QUETTA - Balochistan which is already passing through a political crisis witnessed more bloodshed and violence last month that dominated political scenario of the province.
Hardly after one month of the tragic twin bombings on Alamdar Road of Quetta that claimed over 100 lives on January 10. Another devastating bomb blast occurred on Kirani Road, a Hazara neighbourhood, which took lives of over 90 Hazara people.
The Hazara community strongly protested the bomb blasts and demanded immediate deployment of army in the city, by placing in front of them coffins of the victims. The sit-in of Hazara community continued for three days despite severe cold weather.
To express solidarity with the Hazara community, the sit-in protests were also held in other towns of the country, which compelled the PPP government to send a delegation to pacify the protesters. The federal government formed a six-member parliamentary delegation, headed by Federal Information Minister Qamar Zaman Kaira, which reached Quetta to hold negotiations with the protesters.
Before arrival of the parliamentary delegation, Frontier Corps (FC) in a targeted operation killed four accused and arrested seven others, allegedly involved in sectarian violence, from Qambarani area of Quetta.
It was the biggest action after the January 10 bombings. On the same night, dozens of other accused were arrested by the police and other law-enforcement agencies in different raids in the suburbs of Quetta.
A leader of Ahle Sunnat wal-Jamaat, Haji Rafiq Mengal, was also arrested by the law-enforcement agencies as his arrest was one of the main demands of Hazara community.
However, the demand for deployment of army in Quetta city was not entertained as the protesters were persuaded by the parliamentary delegation, rendering burial of the victims possible. Some officials argued there was no need to call the army because Frontier Corps, being led by army officers, had been given a free hand to take action against the elements spoiling peace.
A committee comprising members from government and Shia community was formed, which was tasked to review the implementation of demands of Hazara people.
The government has started a crackdown against the elements involved in sectarian violence. At least six accused have so far been killed and several others arrested in targeted operations in different parts of Quetta.
Balochistan Governor Nawab Zulfikar Magsi said all-out efforts were being made to maintain peace, adding the law-enforcement agencies had been given a free hand against perpetrators, but in the same breath, he criticised the intelligence agencies for their failure to track down the culprits.
The government officials say the law-enforcing agencies have carried out 129 raids in connection with targeted operations in the province since imposition of the governor’s rule in Balochistan, besides recovering huge cache of weapons and explosives and arresting many suspects.
In another tragic incident of February’s last week, six Pashtoon labourers were shot dead in Shadi Kor area of Pasni in Gwadar district. Armed men ordered six labourers from Zhob to stand in a line and shot them dead. The attackers, however, spared a 12-year-old boy.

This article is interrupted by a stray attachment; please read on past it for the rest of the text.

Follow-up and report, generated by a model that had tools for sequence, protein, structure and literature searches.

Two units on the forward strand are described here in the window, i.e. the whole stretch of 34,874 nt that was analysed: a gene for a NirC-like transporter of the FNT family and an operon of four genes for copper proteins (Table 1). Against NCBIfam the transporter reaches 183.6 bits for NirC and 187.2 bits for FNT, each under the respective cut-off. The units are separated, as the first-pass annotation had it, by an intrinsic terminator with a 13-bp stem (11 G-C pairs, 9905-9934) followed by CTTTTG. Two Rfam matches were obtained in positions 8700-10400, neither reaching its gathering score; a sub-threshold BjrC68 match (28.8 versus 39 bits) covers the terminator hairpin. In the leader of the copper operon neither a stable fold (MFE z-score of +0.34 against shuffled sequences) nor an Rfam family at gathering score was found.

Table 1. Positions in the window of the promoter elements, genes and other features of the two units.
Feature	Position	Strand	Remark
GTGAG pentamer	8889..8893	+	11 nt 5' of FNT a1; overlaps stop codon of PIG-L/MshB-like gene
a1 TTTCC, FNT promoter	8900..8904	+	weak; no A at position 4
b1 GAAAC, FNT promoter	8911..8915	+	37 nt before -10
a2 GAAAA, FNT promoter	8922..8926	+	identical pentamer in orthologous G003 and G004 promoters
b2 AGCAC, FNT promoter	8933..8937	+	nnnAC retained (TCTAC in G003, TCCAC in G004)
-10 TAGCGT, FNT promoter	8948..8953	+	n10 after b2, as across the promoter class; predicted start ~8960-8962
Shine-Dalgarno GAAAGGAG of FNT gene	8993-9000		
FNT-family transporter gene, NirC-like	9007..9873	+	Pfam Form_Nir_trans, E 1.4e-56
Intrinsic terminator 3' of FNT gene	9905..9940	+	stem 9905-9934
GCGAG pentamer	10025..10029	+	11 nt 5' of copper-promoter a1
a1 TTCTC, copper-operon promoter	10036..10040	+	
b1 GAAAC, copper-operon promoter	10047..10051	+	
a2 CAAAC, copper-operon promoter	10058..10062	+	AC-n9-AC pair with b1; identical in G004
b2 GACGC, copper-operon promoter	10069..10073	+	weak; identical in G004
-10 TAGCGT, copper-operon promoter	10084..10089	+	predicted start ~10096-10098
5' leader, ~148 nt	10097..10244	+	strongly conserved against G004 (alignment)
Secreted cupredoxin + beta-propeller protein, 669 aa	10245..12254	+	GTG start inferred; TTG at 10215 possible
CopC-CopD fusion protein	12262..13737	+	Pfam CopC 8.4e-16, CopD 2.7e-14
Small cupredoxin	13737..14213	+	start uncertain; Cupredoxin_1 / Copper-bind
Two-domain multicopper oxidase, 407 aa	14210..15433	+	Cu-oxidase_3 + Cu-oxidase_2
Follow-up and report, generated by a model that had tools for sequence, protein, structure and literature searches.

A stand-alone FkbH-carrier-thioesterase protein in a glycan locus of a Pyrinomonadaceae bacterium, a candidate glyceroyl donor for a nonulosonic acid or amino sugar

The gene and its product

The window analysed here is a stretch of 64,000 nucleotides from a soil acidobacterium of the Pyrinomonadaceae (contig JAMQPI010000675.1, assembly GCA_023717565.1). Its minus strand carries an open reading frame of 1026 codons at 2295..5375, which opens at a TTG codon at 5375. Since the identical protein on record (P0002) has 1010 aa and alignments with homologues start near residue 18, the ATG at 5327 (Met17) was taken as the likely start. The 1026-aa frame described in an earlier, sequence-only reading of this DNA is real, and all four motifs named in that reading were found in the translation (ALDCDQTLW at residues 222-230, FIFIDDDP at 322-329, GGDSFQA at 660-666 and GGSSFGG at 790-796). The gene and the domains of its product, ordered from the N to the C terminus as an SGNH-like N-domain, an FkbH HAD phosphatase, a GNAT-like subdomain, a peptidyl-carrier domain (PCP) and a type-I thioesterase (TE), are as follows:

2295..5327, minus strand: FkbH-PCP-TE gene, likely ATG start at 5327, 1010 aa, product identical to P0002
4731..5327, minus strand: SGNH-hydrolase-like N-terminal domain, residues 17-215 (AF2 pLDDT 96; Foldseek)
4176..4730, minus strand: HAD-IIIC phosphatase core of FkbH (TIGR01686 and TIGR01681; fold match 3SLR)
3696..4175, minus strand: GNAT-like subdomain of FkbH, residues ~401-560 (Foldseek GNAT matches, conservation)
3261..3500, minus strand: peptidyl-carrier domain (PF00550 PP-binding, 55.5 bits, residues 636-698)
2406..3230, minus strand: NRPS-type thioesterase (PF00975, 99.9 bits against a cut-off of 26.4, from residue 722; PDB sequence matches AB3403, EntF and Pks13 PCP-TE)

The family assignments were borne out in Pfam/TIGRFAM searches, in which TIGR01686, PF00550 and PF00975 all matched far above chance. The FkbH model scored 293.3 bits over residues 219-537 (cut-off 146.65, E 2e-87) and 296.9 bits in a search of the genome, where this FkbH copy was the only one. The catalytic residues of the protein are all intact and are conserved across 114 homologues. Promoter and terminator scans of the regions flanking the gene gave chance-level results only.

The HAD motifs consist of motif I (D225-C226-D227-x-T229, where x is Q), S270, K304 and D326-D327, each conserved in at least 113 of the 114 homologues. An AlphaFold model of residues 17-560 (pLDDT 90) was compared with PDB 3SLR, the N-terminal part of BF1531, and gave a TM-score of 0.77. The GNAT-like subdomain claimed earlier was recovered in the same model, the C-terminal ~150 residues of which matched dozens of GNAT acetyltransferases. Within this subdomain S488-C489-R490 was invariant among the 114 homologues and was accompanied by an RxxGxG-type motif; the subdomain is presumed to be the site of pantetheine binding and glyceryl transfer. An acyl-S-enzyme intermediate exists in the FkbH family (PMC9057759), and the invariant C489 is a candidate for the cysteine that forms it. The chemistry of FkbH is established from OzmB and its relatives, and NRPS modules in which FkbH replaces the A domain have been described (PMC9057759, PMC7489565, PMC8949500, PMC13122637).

Political bandits say repeated suicide blasts and incidents of violence depict ineptitude of the government and argue that if sectarian violence was not controlled timely, it could spew disastrous results in the coming days in the province. The Pakistan government ultimately decided to hand over Gwadar Port to China Overseas Ports Holing Company Limited after taking it back from the control of Port of Singapore Authority.
President Asif Ali Zardari formally presided over a signing ceremony of handing over the Gwadar Port to the Chinese company and hoped this step would open new economic opportunities for Pakistani people.
China had assisted the former government in constructing the port, which was widely protested by Baloch nationalist forces. Despite its inauguration some years ago, the port has not become fully functional because of scantiness of the road infrastructure required to connect the port to Central Asia.
Handing over of Gwadar Port to China was opposed by Baloch nationalists as well as Baloch parliamentarians and expressed their serious reservations.
Former Balochistan chief minister Sardar Attaullah Mengal termed the decision as the last nail into the Baloch coffin. Another Baloch leader, Nawabzada Jamil Bugti, son of Nawab Akbar Khan Bugti, says different quarters are giving an impression that Gwadar Port would bring prosperity and development in Balochistan, but it is absolutely wrong. He argues that this step is aimed at further strengthening control over Baloch resources with the help of China, adding that handing over Gwadar Port to China is a proof that Pakistan is not capable of running its institutions. He says it is evident from the history of Tibet that China is not a so much pro-development country.
Legislators in the Balochistan Assembly also expressed their reservations over handing over of Gwadar Port to China and stressed they would only accept the accord if the people of Balochistan were given equal status.
They said the provincial government should have been taken on board before handing over the port to China. The legislators said they should not be taken as helpless and warned they would raise voice for the legitimate rights of people.
Political observers say that taking people of Balochistan into confidence in signing projects with foreign countries is essential and wining their trust is inevitable for success of the projects. They say Baloch nationalists fear the project will not be beneficial for the Baloch. Instead it would open doors for non-locals, creating a demographic imbalance against the native people.